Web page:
Conceivably, R. sylvatica could also accelerate ureagenesis during winter conditioning by upregulating the ornithine-urea cycle (OUC) by a process similar to that used by some species of estivating frogs [3638]. Indeed, hepatic activity of carbamoyl phosphate synthetase 1, a rate-limiting enzyme associated with the OUC, is on the order of that expressed in saline-adapted anurans, and is held at high levels from summer through winter [39]. Furthermore, our present results show that, during winter conditioning, frogs elevated four of the five associated α-amino acids, including the non-proteinogenic compounds, citrulline and ornithine. Whether or not rates of ureagenesis materially increase during the pre-hibernal period requires empirical testing, but, clearly, in these frogs the metabolic infrastructure is well poised to rapidly synthesize urea, even in the face of declining ambient temperatures.

Urea Accrual in Dehydrated Frogs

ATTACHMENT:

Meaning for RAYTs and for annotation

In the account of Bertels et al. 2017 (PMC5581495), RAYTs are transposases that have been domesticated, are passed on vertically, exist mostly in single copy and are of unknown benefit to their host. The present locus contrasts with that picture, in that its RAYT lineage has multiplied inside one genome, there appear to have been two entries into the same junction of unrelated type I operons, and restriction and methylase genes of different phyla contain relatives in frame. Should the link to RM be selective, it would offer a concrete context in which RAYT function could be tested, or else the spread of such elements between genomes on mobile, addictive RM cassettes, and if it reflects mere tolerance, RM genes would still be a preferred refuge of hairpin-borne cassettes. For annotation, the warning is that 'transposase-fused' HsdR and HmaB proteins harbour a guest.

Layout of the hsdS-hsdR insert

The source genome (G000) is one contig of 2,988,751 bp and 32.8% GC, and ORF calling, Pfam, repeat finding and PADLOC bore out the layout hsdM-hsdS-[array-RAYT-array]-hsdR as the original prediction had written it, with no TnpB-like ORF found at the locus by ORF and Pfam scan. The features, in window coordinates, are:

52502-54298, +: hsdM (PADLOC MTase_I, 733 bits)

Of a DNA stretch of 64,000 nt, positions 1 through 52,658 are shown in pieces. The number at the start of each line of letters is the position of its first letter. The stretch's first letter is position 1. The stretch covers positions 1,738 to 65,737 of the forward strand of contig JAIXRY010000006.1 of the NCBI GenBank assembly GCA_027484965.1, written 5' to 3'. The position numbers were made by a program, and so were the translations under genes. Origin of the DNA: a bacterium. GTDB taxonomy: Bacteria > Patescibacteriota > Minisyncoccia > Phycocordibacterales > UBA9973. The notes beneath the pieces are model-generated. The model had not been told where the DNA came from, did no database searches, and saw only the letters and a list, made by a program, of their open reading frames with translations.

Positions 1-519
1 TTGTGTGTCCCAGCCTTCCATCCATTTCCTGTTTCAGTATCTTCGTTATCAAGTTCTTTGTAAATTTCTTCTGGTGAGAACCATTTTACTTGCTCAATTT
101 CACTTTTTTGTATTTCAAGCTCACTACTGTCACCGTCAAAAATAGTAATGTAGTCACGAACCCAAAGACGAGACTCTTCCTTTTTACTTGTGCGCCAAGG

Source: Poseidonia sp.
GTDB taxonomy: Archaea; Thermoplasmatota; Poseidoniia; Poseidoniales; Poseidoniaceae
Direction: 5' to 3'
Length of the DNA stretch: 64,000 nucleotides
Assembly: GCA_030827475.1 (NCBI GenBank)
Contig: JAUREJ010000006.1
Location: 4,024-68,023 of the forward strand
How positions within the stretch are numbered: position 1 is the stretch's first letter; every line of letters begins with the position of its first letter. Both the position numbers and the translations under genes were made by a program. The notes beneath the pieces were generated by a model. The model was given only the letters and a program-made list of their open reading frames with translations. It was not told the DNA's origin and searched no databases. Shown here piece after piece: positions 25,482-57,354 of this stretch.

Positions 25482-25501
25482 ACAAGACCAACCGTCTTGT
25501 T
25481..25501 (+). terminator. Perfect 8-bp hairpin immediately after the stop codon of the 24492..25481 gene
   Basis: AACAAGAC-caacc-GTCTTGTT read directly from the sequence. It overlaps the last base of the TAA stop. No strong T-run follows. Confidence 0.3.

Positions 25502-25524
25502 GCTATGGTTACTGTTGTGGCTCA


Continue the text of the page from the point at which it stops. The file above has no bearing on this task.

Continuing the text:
Consistent with its terrestrial habits, R. sylvatica is well adapted to survive dehydration [40], although, in the extreme, frogs may incur ischemic hypoxia and increased production of lactate and/or glucose [21, 41]. Our frogs dehydrated only modestly, and the nominal rise in these metabolites simply reflects the concentrating effect of solvent reduction. By contrast, plasma urea rose disproportionately and dramatically, averaging a remarkable 187 μmol ml-1 and even exceeding 0.25 M in one individual. Possibly, Alaskan R. sylvatica undergoing profound dehydration, or smaller, more dehydration-susceptible individuals, could achieve an even higher uremia. Ability to accumulate urea to high levels varies by taxa and generally correlates with habitat preference [42, 43], although the case with R. sylvatica, a mesic woodland species, clearly is exceptional. Indeed, the concentrations of urea found in our frogs are comparable to those reported for euryhaline and xeric-adapted forms undergoing estivation or osmotic stress (see Table 1 in Withers and Guppy; [9]).